A would-be Renfrewshire politician has called on council bosses to fast-track plans to help residents left in fuel poverty.
Renfrewshire Council is expected to enshrine measures to help those struggling with fuel costs as part of its Local Housing Strategy blueprint.
The document outlines planning by the authority and its partner agencies for the delivery of high quality housing and support services.
But the blueprint is out for public consultation, which does not end until June 13.
Robert Innes, who will stand for the SNP in the Houston, Crosslee and Linwood ward at May’s council election, said it is vital that the council speeds up plans to help residents struggling with rising household fuel costs.
Robert said: “With the recent and planned future increases in fuel costs, it is essential that Renfrewshire Council speeds up its work on developing a fuel poverty strategy to help those struggling with fuel prices.”
Plans contained in the blueprint are expected to include moves to provide good quality advice to Renfrewshire residents on energy use but Robert says locals must also be able to access support when required.
Paisley Housing Association offers a Fuel Bank Scheme designed to assist tenants in crisis who have either self-disconnected because they can’t afford to top-up prepaid gas and electricity meters, or are at risk of doing so.
The Scheme agencies is funded by multiple agencies, including Energy Action Scotland, Martin Lewis, the Scottish Government and the Energy Savings Trust.
Now Robert is calling on council bosses to fast track their bid to help with energy price hikes, saying: “While it is good that Renfrewshire Council, along with its partners, are developing a Fuel Poverty Strategy, I would hope this would be fast- tracked as people across Renfrewshire are struggling now.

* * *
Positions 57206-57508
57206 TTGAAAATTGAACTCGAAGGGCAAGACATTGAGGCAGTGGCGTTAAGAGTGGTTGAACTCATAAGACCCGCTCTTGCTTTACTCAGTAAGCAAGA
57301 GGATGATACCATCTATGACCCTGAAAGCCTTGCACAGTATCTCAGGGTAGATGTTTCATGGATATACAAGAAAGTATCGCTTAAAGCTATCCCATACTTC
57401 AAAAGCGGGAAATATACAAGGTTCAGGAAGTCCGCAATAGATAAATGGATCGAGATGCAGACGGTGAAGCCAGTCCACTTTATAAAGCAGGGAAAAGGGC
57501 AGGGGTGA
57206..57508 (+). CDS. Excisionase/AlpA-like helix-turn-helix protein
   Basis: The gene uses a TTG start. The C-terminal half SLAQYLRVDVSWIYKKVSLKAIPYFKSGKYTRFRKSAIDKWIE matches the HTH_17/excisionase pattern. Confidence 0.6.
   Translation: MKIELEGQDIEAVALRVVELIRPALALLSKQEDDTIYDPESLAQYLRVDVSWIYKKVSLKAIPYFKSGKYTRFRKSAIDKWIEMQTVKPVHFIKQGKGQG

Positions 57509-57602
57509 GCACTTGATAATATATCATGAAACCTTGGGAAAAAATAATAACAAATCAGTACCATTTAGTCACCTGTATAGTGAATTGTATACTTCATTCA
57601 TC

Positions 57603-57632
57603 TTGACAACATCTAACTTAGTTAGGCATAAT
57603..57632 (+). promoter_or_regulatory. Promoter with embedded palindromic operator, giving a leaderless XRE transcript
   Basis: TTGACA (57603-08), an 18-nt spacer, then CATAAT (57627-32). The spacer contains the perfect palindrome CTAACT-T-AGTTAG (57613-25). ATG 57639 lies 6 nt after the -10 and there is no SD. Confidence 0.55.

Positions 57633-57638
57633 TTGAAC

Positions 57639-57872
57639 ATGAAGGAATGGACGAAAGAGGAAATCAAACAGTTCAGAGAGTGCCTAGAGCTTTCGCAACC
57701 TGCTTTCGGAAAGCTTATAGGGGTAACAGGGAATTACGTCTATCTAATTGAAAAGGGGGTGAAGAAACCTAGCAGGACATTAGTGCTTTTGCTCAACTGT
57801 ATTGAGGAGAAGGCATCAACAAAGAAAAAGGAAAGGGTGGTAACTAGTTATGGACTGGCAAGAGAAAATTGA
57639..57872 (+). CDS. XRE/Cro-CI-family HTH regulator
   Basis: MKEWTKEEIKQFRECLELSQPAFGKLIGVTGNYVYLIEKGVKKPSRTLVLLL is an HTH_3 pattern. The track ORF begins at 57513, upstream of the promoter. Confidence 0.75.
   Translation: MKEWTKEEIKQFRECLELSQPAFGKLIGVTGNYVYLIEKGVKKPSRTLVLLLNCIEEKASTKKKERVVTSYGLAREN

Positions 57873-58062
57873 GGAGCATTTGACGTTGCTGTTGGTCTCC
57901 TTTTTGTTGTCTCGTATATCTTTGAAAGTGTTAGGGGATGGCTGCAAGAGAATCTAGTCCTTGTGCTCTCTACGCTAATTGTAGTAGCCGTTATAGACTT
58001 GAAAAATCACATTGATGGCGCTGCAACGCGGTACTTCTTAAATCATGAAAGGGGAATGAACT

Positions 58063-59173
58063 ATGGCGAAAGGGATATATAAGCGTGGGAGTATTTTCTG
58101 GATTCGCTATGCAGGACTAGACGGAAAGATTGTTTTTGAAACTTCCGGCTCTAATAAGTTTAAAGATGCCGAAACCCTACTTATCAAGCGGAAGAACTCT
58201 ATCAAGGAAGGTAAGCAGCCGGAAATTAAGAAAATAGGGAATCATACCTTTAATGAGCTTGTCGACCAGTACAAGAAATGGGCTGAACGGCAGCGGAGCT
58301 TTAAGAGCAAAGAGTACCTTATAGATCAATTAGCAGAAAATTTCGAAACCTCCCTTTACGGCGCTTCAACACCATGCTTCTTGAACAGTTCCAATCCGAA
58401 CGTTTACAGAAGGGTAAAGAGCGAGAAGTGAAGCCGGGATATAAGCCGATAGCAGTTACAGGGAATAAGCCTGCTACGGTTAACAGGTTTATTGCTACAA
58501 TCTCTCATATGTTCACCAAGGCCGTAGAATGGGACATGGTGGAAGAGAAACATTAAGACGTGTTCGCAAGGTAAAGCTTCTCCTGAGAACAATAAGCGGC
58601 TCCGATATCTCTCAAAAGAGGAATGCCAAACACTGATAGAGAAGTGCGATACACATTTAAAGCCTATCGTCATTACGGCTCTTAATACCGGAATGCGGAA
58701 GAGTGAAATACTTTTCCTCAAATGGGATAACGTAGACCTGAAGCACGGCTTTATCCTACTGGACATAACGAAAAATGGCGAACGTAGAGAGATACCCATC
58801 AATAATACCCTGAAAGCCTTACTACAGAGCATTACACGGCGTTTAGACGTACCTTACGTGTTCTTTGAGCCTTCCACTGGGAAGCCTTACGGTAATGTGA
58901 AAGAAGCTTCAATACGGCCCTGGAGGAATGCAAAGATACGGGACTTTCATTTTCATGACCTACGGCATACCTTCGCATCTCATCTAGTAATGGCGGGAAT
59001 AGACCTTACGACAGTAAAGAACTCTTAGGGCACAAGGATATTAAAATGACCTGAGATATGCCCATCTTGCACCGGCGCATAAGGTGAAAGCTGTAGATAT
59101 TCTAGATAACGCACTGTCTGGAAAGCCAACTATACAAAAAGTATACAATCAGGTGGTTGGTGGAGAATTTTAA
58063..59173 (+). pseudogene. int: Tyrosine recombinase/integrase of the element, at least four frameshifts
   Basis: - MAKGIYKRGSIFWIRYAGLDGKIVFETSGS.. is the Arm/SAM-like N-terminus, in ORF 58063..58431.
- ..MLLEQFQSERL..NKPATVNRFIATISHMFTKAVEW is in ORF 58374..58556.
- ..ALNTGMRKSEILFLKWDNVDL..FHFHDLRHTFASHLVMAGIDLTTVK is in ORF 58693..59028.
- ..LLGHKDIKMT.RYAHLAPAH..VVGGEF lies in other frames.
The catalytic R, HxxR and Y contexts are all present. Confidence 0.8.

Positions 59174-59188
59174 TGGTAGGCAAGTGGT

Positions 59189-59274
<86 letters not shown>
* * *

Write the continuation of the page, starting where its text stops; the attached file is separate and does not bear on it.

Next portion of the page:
“The decision of the UK Government to allow fuel prices to rise by 54 per cent is appalling and will have a massive impact on those on low and fixed incomes. Other countries are limiting fuel increases to 4 per cent (France) or 5 per cent (Germany) but Westminster is allowing energy companies to make excessive profits.”
He added: “It’s disgraceful that in an energy rich country like Scotland, the greed of energy companies could result in even more people falling deeper into poverty in Renfrewshire.”
Domestic fuel prices are set to hike from April with further increases expected in October.
It comes amidst a cost-of-living crisis fueled by massive increases in the price of petroleum and diesel at the pumps and rising inflation – currently at 6.2 per cent, the highest in three decades.
The increases have sparked rising food costs, while interest rates increases see mortgages rise and cash-strapped councils raise rent and council tax costs.
We told in February how community activists fear vulnerable Renfrewshire residents will die as they are pushed to the brink and fear tough choices between heating and eating.
Terry McTernan, from the Darkwood Crew, who works with residents in Ferguslie Park, told of his fears, saying: “People in Ferguslie Park are experiencing fuel poverty already, this is another blow and I don’t think it’s one that people were prepared for.”
And he warned: “I don’t understand what local and national governments expect people to do?
“My genuine concern is that people are going to die over this. We live in the West of Scotland, not the Costa Del Sol. People need to put their heating on.”
It comes as Google search data reveals that searches for “help with energy” exploded 1000 per cent in March – reaching the highest level in internet history.
The analysis, by energy experts Boiler Central, reveals searches on the topic reaches 10 times the average volume in the past month.
Searches on “can’t afford energy” also rocketed by 2300 per cent.
Renfrewshire Council offers free energy advice for all householders, via The Energy Saving Advice Centre, available by calling 0808 808 2282.
George Holan is chief editor at Plainsmen Post and has articles published in many notable publications in the last decade.